Turmeric Anti-Inflammation Drink


With its bright color, dynamic blend of flavors and energizing botanicals, this turmeric drink can serve as a therapeutic tonic or a post-workout recovery drink. 

This recipe comes from alumna Maribeth Evezich, MSN ('06), RD, CDN, who blogs at Wholefoodsexplorer.com. She writes about turmeric's health properties:

Used for centuries in traditional ayurvedic and Chinese medicine, turmeric (Curcuma longa) is gaining mainstream awareness for its healing powers. In fact, turmeric and its most active constituent, curcumin, have been the subject of thousands of studies. A research overview published in 2007 states that "Curcumin has been shown to exhibit antioxidant, anti-inflammatory, antiviral, antibacterial, antifungal, and anticancer activities and thus has a potential against various malignant diseases, diabetes, allergies, arthritis, Alzheimer's disease and other chronic illnesses."   
The recipe’s flavor profile counteracts the bitterness of turmeric, which many find off-putting. More importantly, it incorporates three ways to get the most from the spice. First, it uses the whole turmeric spice, which provides more biological action and enhanced bioavailability. Second, it includes black pepper. Piperine, the compound that gives black pepper its pungent flavor, inhibits drug metabolism. A quarter teaspoon of black pepper can increase the bioavailability of curcumin by 2000% and as little as 1/20th of a teaspoon of black pepper can significantly boost levels. However, piperine should be used with caution by those on prescription medications. This same ability to inhibit curcumin metabolism could also alter clearance of prescriptions drugs. Third, the optional coconut milk increases the spice's fat-solubility, improving bioavailability.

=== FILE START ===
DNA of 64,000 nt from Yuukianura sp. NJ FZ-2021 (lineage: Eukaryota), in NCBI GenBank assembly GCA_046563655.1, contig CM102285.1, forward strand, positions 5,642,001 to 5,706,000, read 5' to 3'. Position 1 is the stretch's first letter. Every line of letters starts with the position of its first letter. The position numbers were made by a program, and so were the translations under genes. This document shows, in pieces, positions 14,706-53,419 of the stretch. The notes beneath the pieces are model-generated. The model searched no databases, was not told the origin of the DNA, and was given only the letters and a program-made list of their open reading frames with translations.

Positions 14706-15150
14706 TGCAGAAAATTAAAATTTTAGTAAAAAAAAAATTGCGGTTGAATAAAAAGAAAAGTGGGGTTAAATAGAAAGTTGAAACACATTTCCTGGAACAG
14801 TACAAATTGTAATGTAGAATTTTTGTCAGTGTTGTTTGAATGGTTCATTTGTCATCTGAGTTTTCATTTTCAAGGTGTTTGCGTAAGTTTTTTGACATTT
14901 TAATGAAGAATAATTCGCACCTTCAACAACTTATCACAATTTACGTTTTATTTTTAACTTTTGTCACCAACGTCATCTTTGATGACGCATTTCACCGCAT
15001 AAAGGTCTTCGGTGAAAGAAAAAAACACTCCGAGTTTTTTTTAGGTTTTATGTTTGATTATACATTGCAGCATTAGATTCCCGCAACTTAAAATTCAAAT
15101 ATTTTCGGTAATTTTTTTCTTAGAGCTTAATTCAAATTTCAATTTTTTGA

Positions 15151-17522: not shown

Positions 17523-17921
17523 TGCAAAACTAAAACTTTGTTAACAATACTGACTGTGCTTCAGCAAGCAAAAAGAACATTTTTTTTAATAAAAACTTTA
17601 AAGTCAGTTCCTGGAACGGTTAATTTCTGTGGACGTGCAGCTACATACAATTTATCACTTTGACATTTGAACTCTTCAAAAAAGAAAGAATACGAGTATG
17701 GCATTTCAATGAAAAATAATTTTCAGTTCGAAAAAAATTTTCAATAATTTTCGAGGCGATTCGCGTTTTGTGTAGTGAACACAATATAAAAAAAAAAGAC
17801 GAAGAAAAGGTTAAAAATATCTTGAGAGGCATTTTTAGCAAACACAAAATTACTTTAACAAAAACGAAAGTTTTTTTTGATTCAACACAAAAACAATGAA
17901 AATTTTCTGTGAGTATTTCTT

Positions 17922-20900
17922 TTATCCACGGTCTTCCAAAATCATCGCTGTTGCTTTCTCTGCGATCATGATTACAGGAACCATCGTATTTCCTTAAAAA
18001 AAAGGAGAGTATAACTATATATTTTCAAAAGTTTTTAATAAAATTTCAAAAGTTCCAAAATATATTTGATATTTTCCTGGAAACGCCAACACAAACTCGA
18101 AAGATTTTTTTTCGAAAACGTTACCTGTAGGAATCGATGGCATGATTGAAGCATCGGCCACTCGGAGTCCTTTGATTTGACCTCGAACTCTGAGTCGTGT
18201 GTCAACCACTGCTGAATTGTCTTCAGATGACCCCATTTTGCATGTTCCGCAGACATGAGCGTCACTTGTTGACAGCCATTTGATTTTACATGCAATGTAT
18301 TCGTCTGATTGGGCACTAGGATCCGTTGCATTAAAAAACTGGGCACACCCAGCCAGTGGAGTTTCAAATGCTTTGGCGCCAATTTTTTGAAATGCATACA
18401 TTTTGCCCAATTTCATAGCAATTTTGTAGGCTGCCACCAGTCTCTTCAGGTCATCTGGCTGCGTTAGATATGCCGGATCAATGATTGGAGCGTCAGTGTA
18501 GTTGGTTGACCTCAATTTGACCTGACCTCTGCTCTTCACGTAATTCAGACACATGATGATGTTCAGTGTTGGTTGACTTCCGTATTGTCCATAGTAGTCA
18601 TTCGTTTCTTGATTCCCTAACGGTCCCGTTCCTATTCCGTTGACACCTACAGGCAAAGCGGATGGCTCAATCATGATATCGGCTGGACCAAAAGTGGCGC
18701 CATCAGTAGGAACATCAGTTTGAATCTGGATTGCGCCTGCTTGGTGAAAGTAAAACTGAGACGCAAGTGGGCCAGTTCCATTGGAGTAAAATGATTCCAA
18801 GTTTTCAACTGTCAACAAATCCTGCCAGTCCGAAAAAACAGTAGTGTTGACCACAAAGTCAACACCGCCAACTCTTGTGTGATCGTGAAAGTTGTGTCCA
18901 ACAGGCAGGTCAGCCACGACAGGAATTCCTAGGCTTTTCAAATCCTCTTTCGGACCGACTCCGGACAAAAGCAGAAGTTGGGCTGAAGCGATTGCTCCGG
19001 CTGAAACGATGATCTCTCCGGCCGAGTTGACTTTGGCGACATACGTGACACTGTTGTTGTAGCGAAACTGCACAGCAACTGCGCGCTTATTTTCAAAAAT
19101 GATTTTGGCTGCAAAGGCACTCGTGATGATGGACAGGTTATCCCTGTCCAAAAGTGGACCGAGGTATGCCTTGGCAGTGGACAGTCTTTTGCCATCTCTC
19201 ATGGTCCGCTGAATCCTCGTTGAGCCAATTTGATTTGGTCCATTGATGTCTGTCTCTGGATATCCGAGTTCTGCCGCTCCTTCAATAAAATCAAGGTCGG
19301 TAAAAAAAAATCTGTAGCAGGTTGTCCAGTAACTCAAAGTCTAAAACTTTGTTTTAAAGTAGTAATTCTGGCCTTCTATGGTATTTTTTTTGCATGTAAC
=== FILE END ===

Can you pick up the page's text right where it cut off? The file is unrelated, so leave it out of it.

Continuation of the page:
To use in lieu of typical turmeric supplement protocols, drink one 1/2 cup serving three times daily. 
Turmeric anti-inflammation drink in glass


3 cup
coconut water (or filtered water)
1⁄2 cup
fresh ginger slices (one 2-inch knob)
1⁄4 cup
fresh lemon or lime juice
fresh mint sprigs
1 tbsp
dried turmeric
1⁄4 tsp
1⁄8 tsp
sea salt
1⁄8 tsp
black pepper (or cayenne)
2 tsp
raw honey (optional)
1⁄4 cup
full-fat coconut milk (optional)


This recipe works with or without a juicer and with either fresh or powdered turmeric. A blender can also be used to process the roots with a small amount of the filtered or coconut water.

  1. Combine all the ingredients in a sealable, BPA-free 750 ml (at least 3 cups) container, such as a Nalgene bottle.
  2. Add more filtered water or coconut water (including the optional coconut milk) to the top and refrigerate overnight.
  3. When ready to drink, strain and serve over ice.


Turmeric should be used with caution by individuals with gallstones, clotting disorders, with congestive heart failure as well as women trying to become pregnant. Turmeric should be avoided before surgery and during pregnancy.